The West bank of Israel is directly on the other side.

IMG_4008 dead sea

The Promised Land!    From the top of Mount Nebo

IMG_4027 The Promised Land

For the Christ follower, “The Promised Land” evokes all kinds of thoughts and emotions.  This exodus trip was something I will never forget. But this moment for me was very powerful. For me the promised land means Heaven and the life with Jesus I have been longing for. I want it all. The no more pain part, the no more tears part, the no more death part and restoration of the living life as we were intended to live part, with God, our Father, walking in the cool of the day. My heart seems to know how wonderful it will be.

It is said that Moses did not enter the promised land, but I believe he did… but not the one on earth. I believe it happened the very moment he died. I think this was all very much on purpose.

This is not “teaching” but Gene.. thinking out loud… If God let Moses enter the “earthly promised land”, it sets up human thinking again to  believe that this world is the goal, the most important destination. The “earthly promised land” the Israelites inherited was and is fraught with war and destruction even to this day !!  By God refusing to allow Moses to enter the “earthly promised land” and taking him to the”real / heavenly promised land” it correctly identifies where our affections should be, to our true destination and reward.

As I stood there and looked across this valley that Moses saw just before he died I had an overwhelming sense of the Father telling me that “my” promised land is waiting for me.

5 Comments more...


by on Apr.08, 2010, under Egypt

Every great adventure should start with the unexpected discovery of a hidden passage on a long forgotten trail. Action music also helps 🙂 ….. clic this and continue.. ( or not )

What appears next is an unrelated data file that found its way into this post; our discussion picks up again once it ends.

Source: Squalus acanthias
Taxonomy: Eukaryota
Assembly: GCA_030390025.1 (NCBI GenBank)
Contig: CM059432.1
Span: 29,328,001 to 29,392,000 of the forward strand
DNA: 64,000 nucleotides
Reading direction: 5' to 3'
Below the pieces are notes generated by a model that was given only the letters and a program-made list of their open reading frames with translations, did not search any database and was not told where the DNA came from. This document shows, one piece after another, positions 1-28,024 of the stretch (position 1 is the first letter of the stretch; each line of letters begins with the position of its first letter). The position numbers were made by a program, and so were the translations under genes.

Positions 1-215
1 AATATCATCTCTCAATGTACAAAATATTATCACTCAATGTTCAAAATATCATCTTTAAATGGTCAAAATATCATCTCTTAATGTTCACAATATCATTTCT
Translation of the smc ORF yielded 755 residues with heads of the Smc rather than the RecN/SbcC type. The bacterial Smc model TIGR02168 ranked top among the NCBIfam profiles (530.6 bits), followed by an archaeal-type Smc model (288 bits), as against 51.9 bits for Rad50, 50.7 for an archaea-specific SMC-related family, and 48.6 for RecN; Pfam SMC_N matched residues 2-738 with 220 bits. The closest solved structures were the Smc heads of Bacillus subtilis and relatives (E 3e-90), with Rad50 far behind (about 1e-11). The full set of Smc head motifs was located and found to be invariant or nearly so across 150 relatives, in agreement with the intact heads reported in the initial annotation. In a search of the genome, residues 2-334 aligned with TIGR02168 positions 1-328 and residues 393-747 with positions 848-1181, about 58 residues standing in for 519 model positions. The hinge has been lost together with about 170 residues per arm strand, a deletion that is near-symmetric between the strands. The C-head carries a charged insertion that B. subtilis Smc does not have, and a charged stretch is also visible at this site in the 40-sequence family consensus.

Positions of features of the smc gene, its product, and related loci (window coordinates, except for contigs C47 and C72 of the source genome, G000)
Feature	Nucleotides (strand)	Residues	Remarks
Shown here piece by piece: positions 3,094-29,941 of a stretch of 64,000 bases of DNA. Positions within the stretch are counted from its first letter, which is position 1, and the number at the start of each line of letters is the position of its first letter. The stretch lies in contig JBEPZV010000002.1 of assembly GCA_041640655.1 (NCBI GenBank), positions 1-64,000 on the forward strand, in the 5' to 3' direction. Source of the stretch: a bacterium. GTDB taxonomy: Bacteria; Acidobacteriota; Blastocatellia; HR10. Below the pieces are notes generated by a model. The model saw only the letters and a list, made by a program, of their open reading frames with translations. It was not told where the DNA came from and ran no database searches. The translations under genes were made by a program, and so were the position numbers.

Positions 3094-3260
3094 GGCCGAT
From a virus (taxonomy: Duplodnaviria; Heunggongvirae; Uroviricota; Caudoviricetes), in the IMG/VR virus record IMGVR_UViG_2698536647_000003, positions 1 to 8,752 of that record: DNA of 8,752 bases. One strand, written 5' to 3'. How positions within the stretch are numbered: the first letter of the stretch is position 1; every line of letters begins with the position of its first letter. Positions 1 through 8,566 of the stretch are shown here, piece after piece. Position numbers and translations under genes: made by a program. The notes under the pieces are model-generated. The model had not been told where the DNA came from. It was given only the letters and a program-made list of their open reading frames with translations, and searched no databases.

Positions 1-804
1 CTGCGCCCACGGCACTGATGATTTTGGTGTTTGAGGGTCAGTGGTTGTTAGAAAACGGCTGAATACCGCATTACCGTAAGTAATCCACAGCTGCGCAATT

Audio clip: Adobe Flash Player (version 9 or above) is required to play this audio clip. Download the latest version here. You also need to have JavaScript enabled in your browser.

Petra is just like that.  Petra was re-discovered by western civilization in 1812… who lost it remains unknown. Indiana Jones is credited with reintroducing Petra again to movie fans in “The Last Crusade”. The Bedouins think this is all rather entertaining, they always knew where it was..:)  The city is estimated to have been established in the 6th century BC by the Nabataeans. The city is notably listed as one of the Seven Wonders of the World and a World Heritage Site.

I offer no apology for the length of this post.

Before you enter the city proper, you are teased by this carving. The actual city is still a good walk away.

IMG_3563 building 1 entrance

Before you can enter the city you must navigate a long narrow canyon called a Siq. It’s entirely fitting, adding drama with every step.

IMG_3573 the Siq

A quote by the BBC referred to Petra as “a city half as old as time”. A few steps into the Siq and you had the sensation of stepping back in time.

IMG_3581 Siq 3The sunlight reflecting through the canyon exposed incredible color, texture and detail.

Psalm 19:1 “God’s glory is on tour in the skies, God-craft on exhibit across the horizon.”

If the Heaven’s declare his handiwork, His valleys, carved by His hands celebrate creation.

IMG_3600 deep red Siq 2

After a mile walk through one of the most beautiful places I have ever seen, you catch first sight of the city. Petra: Rock

Audio clip: Adobe Flash Player (version 9 or above) is required to play this audio clip. Download the latest version here. You also need to have JavaScript enabled in your browser.

IMG_3615 Sig first sight 2

Khazneh: The Treasury

IMG_3634 Treasury Building 1

The number one question I have been asked about the treasury: ” is the room inside just like it looks in the last crusade?” The answer…no. We have all been duped by hollywood again.  The room is a large empty space. There are two very impressive carved buildings in Petra. This one and at the other end of town and up the mountain, The High Temple, also called the Monastery.  I don’t think that is by accident. The two main things people worship, God or gods and money. It’s very clear that ornate banks is not a modern idea and as we saw in Germany, ornate churches have been around for a long time. Maybe people feel safer trusting their money to people in fancy buildings. Maybe some people feel closer to God in a fancy building.  Manufactured validation and security. I think both assumptions are very dangerous.